UM Men launch prison ministries
September 20th, 2010
NASHVILLE, Tenn.–– The General Commission on UM Men has forged a partnership with DISCIPLE Bible Outreach Ministries of North Carolina in order to bring DISCIPLE Bible study to prisons across the U.S.
Meeting, September 9-13, the 21-member board approved an agreement with the Rev. Mark Hicks, executive director of North Carolina’s DISCIPLE Bible Outreach Ministries.
The mission of the ministry is “Making disciples through Bible study to bring God's grace to a hurting world,” said Hicks.
Hicks has been leading DISCIPLE program in correctional settings since 1999, and he says the studies are transformational for both volunteers and prison participants.
“I was always excited by the possibility of transformation among the inmates,” Hicks said, “but I’m equally excited by the transformation occurring in our volunteers, and as a result, our churches.” Hicks has also created a program for juvenile offenders that is currently being used in every Youth Development Center in North Carolina.
“I was involved in a prison ministry weekend at a maximum security prison in Texas,” said Gil Hanke, top staff executive of the commission. “That experience changed my whole perspective and perception of prisons and the need for our engagement in this vital ministry. I believe that Jesus’ list of places of service (Matthew 25:31-46), is all inclusive and ongoing. If I give to a food pantry or clothes closet once, I don’t think that fulfills Jesus’ request; I’m not off the hook. I don’t think we can pick one from that list that is the easiest or most comfortable for us. Jesus directs us to where the need is greatest and we should be obedient.”
“My DISCIPLE Bible study class represented love to me,” said a North Carolina prison inmate. “It is a blessing for me to know that God loves me. In the group there was no inmate feeling. When we studied the word everybody had value. When you're sitting on the other side of the wall, you need all the encouragement you can get.”
“For the last five months I have been involved in the DISCIPLE program. My time could not have been spent any better doing anything else. This class has enabled me to deal with my circumstances better and find answers to live my life with peace and love.
I have come to know the Lord better, and am convinced that He is greater now than ever before. It is my prayer that the DISCIPLE course will continue to grow throughout the prison system.”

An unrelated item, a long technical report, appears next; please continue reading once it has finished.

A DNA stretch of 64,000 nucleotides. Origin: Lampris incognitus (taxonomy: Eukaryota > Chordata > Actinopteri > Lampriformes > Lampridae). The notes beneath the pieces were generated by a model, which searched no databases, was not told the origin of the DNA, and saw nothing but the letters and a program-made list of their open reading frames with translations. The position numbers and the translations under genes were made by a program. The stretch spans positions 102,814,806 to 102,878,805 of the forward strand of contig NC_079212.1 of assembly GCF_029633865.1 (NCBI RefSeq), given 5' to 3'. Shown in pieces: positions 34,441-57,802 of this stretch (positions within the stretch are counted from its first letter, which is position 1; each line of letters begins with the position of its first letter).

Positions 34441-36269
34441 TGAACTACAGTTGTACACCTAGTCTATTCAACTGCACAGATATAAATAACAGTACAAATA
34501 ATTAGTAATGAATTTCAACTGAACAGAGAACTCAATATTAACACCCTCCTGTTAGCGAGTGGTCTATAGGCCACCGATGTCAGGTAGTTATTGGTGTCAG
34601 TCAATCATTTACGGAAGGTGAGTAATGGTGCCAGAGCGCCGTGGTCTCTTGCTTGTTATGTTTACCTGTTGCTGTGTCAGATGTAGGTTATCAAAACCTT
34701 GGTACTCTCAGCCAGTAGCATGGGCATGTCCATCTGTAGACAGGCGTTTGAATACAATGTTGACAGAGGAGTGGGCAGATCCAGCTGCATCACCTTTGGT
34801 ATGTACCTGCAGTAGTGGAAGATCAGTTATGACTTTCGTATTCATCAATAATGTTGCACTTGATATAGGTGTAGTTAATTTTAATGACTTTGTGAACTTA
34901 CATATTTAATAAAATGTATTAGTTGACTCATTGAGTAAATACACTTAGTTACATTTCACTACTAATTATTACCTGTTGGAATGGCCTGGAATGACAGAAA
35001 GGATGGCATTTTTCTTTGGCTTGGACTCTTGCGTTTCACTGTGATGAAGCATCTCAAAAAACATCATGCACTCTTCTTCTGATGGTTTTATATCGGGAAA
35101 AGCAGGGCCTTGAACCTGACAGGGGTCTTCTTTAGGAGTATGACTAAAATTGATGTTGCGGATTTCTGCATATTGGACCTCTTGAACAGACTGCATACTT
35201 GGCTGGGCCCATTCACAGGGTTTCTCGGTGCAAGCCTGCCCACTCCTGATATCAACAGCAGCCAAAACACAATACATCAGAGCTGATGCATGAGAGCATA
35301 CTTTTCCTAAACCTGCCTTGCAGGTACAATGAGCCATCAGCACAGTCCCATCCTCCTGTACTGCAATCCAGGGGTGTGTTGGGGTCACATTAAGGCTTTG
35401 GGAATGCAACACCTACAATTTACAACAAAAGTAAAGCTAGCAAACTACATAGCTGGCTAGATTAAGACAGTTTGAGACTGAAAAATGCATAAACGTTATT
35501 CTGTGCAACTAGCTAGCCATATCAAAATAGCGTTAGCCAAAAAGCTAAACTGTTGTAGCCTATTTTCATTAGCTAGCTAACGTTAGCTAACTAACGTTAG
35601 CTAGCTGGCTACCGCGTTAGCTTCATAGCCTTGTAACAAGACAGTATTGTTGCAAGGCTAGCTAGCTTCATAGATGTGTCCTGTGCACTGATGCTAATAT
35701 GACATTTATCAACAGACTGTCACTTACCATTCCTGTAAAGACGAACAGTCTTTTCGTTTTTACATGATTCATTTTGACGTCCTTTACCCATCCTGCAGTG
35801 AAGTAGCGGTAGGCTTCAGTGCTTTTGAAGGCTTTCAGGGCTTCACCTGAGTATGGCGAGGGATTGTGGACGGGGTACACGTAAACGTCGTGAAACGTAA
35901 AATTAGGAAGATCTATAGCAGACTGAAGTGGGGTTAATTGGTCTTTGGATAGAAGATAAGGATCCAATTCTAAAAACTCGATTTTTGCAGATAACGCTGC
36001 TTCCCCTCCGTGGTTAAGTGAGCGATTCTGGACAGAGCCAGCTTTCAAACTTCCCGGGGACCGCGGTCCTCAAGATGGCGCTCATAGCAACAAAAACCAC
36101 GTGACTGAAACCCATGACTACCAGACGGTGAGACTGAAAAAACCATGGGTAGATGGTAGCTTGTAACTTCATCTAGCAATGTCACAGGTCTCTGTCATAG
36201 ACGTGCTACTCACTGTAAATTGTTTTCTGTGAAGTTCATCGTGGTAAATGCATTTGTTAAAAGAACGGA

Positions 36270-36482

Hicks offers the following guidelines for beginning the ministry:
• DISCIPLE prison ministry requires careful planning and approval from both the local church and the agency sponsoring the ministry, as well as from the prison authorities where the studies will take place.
• Prisons require volunteers to complete an application form and submit to a criminal background check prior to approval as a volunteer.
• The scheduling of a time and place for the study, the recruitment of inmates for classes, and the ongoing supervision of prisoners will require the help and cooperation of correctional staff.
• In prisons where there is a chaplain on staff, you’ll want to coordinate your activities through this person. It is important to develop a relationship with the prison chaplain and to respect his or her authority as the person responsible for the spiritual needs of the inmate population.
• In prison, the DISCIPLE program operates much as it does in the local church. However, be aware that you are in a controlled environment. Respect those responsible for your safety. There are times when your class will be interrupted for security reasons or affected by other issues unique to correctional settings.
• To be involved in prison ministry, you must agree to follow all training procedures, rules, and regulations mandated by the prison or the sponsoring church or agency.
Beyond these specific issues and suggestions, be aware that a DISCIPLE prison ministry will only be effective if you and your group have planned for the long term. The prison authorities—especially the chaplain—need to trust that your church or conference is making a continuing commitment. Your initial plan should include which units of Disciple you’re going to lead after the first one, how soon after you’ve finished the first unit you plan to start the second, and who is committed to teaching not just the first unit, but the second and third units as well.
Recruiting the initial group of participants from the prison population will require laying some groundwork. If a church is already engaged in a mentoring or pen-pal ministry at the prison, then participants in those programs can become part of the core group. Barring that, look for a pastor in your area who regularly visits the prison, and ask his or her help in recruiting participants.
DISCIPLE Bible materials are available at Cokesbury bookstores (www.Cokesbury.com). In addition, Bishop Richard Wilke has provided a booklet of questions and activities for men based on DISCIPLE II; that study is available in the resource section of www.GCUMM.org (UM Men DISCIPLE Bible Supplement).
The North Carolina-based ministry and the commission are seeking $5,000 for each pilot project in up to eight states. Some states have been tentatively selected, but this partnership should be viewed as an open door for interested groups to participate.
For more information contact Hanke (firstname.lastname@example.org) or Hicks (MCHicks@northstate.net).